On another front, I have a friend who is extremely interested in ridding the world of landmines. Another friend who had recently returned from Iraq told me that a landmine is the perfect soldier, who never gets tired or afraid, but stays right there on the job ready to kill people.

Meyer: It seems your talent for loving others and your talent with the word empowered you to participate in the cause of peace. What is the relationship between art and advocacy?

Thayne: It has every relationship. There are so many people working behind the scenes to make good things happen—it was these peace friends who helped me go to the Soviet Union and later on to the 1990 Kazakhstan test ban treaty conference. They are this nucleus of people who are constantly finding ways to push our civilization toward peace; I’m the recipient of their good work. What I do is write things for publications and for people; that’s been my main thing. Sometimes they ask me to write something for a given cause, but most of the time I just do it on my own. Writing’s my deal, you know.

I’ve never been one who has marched or joined protests. I have done my activism on the page mostly, writing articles and letters to editors. I have friends whom I respect enormously, who do march and protest, but the spoken and printed word have been my way to voice my opinions.

Meyer: Most people would consider you “old,” and yet you are still an artist and activist in the cause of peace, lifting others with the power of your words and social consciousness. Talk about this.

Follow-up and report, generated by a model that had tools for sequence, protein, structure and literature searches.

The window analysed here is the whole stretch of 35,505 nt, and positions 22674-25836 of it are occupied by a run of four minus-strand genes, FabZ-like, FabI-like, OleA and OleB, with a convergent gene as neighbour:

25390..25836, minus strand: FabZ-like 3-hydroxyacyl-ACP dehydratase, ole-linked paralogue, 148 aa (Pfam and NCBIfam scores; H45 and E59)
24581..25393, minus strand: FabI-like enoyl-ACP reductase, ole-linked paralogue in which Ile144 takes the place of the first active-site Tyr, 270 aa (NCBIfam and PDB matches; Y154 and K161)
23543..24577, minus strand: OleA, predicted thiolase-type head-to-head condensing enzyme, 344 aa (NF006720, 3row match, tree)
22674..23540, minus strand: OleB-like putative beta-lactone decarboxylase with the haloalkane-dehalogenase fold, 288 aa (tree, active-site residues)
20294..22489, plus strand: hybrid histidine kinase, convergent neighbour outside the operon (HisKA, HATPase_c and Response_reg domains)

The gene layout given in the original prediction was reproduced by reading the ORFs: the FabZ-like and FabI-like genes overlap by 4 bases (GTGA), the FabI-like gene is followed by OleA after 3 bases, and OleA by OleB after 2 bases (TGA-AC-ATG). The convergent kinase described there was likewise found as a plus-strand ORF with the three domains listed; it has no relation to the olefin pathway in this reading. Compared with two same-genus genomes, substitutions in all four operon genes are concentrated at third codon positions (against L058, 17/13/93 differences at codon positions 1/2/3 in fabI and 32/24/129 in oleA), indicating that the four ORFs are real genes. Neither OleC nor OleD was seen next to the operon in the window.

Thayne: I thought by the time I was eighty-nine things would slow down. Nelson Mandela in Africa felt that older people who had been active in the community should not be put on a shelf but be called into some kind of service to help with present problems. Along with Richard Branson and Peter Gabriel, he came up with what he called a council of “Elders”; these councils are all over the world now. But in Salt Lake we could not be called the council of Elders, so we are the Citizen’s Council. We started out with two former governors and people from all walks of life, all past retirement age. We still want to have something to say about how our state is run. We work on things like redistricting, ethics, and Medicaid extension. We don’t make a lot of progress sometimes, but we keep working. I just love our meetings; everyone knows more than I do. I go and learn. They are former legislators, people who have been in every branch of government, educators, businesspeople—they represent a wide spectrum of skills. You can imagine how much fun those meetings are, even as I hobble in on my walker.